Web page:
Entrust goes private

From SC Magazine earlier today:

April 13, 2009 - Private equity firm to acquire Entrust

Entrust, provider of enterprise authentication and digital signature solutions, announced Monday that it has agreed to be acquired for $114 million.

Private equity firm Thoma Bravo has agreed to buy out Entrust, but the Dallas-based company said it can consider other proposals for the next 30 days.

News of the deal comes as Entrust also announced Monday that its first-quarter sales were down 12 percent from last year's first-quarter total of $25.8 million.

But the NASDAQ-listed firm, which is trading more than 50 percent off its highs from last year, expects to post a first-quarter profit this year of $1.7 million, or 3 cents per share. The company posted losses of $1.2 million for the same period last year.

Bill Conner, president and CEO of Entrust, said the company was weighing its options amid a turbulent economy that was not friendly to a public company with revenue of less than $100 million a year.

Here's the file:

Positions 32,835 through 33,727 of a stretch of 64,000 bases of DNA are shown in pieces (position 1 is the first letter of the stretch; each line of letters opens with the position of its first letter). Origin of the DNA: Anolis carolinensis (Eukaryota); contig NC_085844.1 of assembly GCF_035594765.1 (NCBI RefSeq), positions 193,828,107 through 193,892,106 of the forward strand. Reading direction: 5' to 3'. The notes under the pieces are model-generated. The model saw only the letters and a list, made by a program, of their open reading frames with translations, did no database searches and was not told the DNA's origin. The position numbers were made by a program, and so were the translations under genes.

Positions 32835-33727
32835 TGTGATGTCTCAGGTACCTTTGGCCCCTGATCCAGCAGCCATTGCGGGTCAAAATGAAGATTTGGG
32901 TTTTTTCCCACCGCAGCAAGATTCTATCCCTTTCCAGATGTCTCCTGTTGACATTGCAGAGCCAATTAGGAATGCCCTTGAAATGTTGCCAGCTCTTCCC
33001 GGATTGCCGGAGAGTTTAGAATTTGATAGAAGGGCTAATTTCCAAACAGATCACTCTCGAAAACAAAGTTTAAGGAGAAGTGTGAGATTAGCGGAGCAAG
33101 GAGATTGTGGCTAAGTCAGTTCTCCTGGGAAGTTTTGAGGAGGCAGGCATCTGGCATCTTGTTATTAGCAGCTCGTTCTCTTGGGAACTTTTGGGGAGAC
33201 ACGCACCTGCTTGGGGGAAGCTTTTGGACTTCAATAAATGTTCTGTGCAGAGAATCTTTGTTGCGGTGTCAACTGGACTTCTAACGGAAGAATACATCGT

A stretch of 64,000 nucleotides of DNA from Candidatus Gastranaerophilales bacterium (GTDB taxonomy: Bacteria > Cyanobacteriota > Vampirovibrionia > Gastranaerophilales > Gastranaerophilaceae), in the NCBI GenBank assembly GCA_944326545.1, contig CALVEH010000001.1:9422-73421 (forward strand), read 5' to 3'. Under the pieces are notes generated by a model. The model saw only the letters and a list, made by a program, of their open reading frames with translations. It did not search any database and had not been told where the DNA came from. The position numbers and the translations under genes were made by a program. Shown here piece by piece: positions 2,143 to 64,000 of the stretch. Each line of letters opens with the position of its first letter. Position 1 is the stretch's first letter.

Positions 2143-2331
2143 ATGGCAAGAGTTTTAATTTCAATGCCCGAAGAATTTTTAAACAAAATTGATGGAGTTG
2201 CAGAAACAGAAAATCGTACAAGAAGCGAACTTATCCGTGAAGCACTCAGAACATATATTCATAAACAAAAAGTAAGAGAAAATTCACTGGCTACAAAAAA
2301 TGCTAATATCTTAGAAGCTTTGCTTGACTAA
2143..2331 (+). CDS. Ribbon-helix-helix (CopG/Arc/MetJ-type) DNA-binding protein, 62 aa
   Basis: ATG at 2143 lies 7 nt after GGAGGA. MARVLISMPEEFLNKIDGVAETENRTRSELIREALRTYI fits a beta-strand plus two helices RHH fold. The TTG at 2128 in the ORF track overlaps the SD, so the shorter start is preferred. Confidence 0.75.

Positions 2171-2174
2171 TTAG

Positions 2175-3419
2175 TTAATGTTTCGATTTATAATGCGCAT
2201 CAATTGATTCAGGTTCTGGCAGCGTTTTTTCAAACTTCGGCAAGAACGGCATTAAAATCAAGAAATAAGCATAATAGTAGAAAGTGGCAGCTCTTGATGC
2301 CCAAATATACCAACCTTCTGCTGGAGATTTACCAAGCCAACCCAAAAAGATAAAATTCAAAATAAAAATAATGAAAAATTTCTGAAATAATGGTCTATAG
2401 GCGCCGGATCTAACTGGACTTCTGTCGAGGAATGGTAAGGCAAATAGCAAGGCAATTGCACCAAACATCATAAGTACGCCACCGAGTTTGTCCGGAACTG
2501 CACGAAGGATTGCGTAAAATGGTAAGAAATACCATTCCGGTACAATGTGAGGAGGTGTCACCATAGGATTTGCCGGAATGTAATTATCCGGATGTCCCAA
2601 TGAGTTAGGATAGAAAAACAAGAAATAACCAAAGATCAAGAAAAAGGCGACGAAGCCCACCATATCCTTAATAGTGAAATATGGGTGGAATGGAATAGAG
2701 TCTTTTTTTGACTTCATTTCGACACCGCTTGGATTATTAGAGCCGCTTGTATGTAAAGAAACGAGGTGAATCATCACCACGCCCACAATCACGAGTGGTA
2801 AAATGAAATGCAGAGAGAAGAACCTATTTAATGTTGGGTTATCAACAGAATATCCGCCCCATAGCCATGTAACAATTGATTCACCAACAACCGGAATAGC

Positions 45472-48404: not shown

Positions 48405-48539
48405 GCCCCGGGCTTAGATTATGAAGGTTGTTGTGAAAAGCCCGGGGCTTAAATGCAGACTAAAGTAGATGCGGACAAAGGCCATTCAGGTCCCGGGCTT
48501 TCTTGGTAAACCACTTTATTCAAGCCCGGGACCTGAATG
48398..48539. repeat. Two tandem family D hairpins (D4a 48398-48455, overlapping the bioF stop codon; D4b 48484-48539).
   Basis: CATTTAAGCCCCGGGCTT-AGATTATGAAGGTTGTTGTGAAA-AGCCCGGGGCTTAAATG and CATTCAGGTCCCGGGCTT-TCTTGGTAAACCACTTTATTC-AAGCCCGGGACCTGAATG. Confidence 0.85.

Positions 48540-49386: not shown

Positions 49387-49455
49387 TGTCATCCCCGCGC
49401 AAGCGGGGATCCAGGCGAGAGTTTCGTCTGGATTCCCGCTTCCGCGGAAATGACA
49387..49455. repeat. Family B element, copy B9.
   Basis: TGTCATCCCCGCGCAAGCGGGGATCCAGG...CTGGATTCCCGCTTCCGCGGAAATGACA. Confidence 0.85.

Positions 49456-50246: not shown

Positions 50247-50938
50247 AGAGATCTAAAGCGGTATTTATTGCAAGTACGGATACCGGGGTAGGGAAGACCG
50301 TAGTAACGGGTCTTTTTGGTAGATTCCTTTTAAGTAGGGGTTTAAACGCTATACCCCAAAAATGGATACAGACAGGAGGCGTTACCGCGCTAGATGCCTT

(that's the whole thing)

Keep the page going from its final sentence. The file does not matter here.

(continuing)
"In a small company, those risks keep escalating in a bad market," he told on Monday. "If you miss one [quarter of Wall Street estimates] you get severely penalized for several quarters."

The acquisition, meanwhile, will enable Entrust to focus more on developing products related to to risk-based authentication, fraud detection, PKI and SSL certificates, the company claims.

"We will work closely with Entrust's management team and employees to deliver increased value for customers and enhanced growth of the business," Seth Boro, principal of Thoma Bravo, said in a statement.

Thoma Bravo has acquired about 38 other software companies, which earn a combined $600 million annually. Entrust would be the first security-specific purchase.

"They'll be looking for other companies in the security space to acquire and combine with ours," Conner said. "We'd become the platform for them to grow and scale with in security."